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In a relatively short period of time, from 1962 to 1969, The Beatles produced a volume of work that made them the most successful recording artists of all time as measured by their volume of record sales, number-one hits, and duration of hits on the charts. Because they experimented with a variety of new sounds and styles, The Beatles are often described as “experimental.”
Said Paul McCartney, “We were always pushing ahead: louder, further, longer, more, different.”
In stretching themselves musically, The Beatles leveraged technology, essentially using the recording studio as an instrument. As Kemp Edmunds notes, “The Beatles not only changed the way music was being made, they forever changed music.”
The Beatles as a Business
Turning out a continual stream of hits required discipline and craftsmanship. In The Creativity Method of the Beatles, Drew Boyd compares The Beatles’ way of producing their musical compositions to that of a corporation.
“The Beatles were innovators, and they did it systematically using templates,” he says. “They used structured methods, experimentation, and technology the same way Fortune 500 companies create new products and services.”
On a business level, says Boyd, The Beatles were “corporate innovators who created immense fortunes for their shareholders.”
The Beatles also recognized the value of PR and advertising, taking an active role in creating their image, overseeing the art that was used in their album covers, and pioneering new media formats like the music video.
If we imagine the Beatles as business consultants today, an area that seems particularly well-suited for their talents is experiential retail and retailtainment (yes, “retailtainment” is a real term).
Reinventing Retail as Entertainment
Retailers are creating experiential shopping experiences using a host of leading-edge technologies, including AI, augmented reality, virtual reality, edge/IoT, streaming video, mobile apps, touchscreens, giant displays, robotics, 5G networks, holograms, and 3-D printing.
As “Reinventing the customer experience, from store to stadium tells us, AI is viewed as the technology most critical to the future success of experience-oriented organizations. AI tools are being used to create artworks, music, virtual environments, and the insertion of people and objects into virtual scenes.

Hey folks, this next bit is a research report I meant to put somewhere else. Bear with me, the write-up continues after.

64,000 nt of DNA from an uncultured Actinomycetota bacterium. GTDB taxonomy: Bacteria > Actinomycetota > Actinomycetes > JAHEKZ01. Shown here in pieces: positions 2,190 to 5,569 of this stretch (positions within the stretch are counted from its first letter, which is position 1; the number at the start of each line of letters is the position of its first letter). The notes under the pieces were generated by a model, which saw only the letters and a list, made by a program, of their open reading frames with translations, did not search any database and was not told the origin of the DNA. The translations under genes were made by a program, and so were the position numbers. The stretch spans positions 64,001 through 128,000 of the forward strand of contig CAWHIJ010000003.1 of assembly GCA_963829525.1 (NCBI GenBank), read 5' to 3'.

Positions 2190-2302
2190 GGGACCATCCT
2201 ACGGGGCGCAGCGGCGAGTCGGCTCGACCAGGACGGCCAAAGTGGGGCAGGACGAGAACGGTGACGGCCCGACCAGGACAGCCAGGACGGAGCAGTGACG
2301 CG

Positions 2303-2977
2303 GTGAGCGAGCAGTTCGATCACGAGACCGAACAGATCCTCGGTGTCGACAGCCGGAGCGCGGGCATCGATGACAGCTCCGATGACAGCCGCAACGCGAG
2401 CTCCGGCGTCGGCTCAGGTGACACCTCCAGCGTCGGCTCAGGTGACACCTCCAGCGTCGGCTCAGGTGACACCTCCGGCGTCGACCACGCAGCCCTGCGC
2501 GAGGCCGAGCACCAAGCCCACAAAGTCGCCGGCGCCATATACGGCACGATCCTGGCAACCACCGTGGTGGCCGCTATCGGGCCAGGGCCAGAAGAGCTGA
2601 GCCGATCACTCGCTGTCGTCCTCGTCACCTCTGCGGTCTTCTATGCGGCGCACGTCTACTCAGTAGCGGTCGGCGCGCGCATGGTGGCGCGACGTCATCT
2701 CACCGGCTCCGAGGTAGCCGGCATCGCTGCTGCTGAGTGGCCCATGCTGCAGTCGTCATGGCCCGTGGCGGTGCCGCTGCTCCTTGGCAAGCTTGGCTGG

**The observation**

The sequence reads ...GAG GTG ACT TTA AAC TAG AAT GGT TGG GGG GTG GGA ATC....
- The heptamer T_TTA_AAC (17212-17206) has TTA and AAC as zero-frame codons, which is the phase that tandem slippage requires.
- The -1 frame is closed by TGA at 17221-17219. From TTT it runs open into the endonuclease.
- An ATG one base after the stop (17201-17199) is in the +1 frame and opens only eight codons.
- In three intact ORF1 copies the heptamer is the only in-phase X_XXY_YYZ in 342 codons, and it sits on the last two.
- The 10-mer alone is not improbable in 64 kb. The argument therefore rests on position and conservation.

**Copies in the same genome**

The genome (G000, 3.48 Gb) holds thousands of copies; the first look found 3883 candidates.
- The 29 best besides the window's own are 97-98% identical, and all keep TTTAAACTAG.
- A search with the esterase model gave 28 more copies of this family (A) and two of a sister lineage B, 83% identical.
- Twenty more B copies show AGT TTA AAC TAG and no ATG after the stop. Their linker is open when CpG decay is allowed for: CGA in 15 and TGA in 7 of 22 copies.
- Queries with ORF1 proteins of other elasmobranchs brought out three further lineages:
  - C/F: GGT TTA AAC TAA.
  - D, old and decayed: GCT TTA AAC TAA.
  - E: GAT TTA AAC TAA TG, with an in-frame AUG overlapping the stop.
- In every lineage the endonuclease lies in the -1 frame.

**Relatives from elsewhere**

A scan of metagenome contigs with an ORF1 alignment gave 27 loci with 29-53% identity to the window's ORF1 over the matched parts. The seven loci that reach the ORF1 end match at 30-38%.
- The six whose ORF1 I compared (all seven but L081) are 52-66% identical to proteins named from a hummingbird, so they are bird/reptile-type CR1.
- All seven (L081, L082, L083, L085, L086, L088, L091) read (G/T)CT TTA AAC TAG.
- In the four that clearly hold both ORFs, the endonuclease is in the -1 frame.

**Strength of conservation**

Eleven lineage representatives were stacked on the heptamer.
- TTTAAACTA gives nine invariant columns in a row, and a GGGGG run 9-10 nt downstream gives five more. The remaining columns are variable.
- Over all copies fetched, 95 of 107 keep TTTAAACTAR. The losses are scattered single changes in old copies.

New companies are emerging that specialize in creating AI, augmented reality, and other advanced technology solutions for experiential retail. Farfetch, for example, has created a Store of the Future to showcase its technologies, which include an augmented retail solution that “links the online and offline worlds, using data to enhance the retail experience.”
Kubernetes for Retail Modernization and AI
In “Why Retailers Choose to Build on Kubernetes,” Google explains how Kubernetes is enabling digital transformation for retailers. In today's data-driven artificial intelligence-inspired business environment, says Google, retailers require complex IT infrastructure to support various functions such as prospecting, product development, marketing, and data analytics.
Similarly, in Retail Touchpoints, Kamesh Pemmaraju notes that retailers, faced with the reality that stores are now required to deliver in-store, interactive, and virtual shopping experiences, are adopting Kubernetes infrastructures. “With Kubernetes,” he explains, “retail developers can deploy instances of their containerized applications to hundreds and thousands of stores, data centers and public clouds without major redesign efforts.”
In “Kubernetes Unlocks Innovation at the Edge at Scale,” Spectro Cloud CEO Tenry Fu describes how retailers can use edge devices in thousands of stores and restaurants to gather and analyze customer purchasing habits to optimize stock, as well as to run point of sale systems, video analytics, digital signage, environment monitoring, equipment health, and more.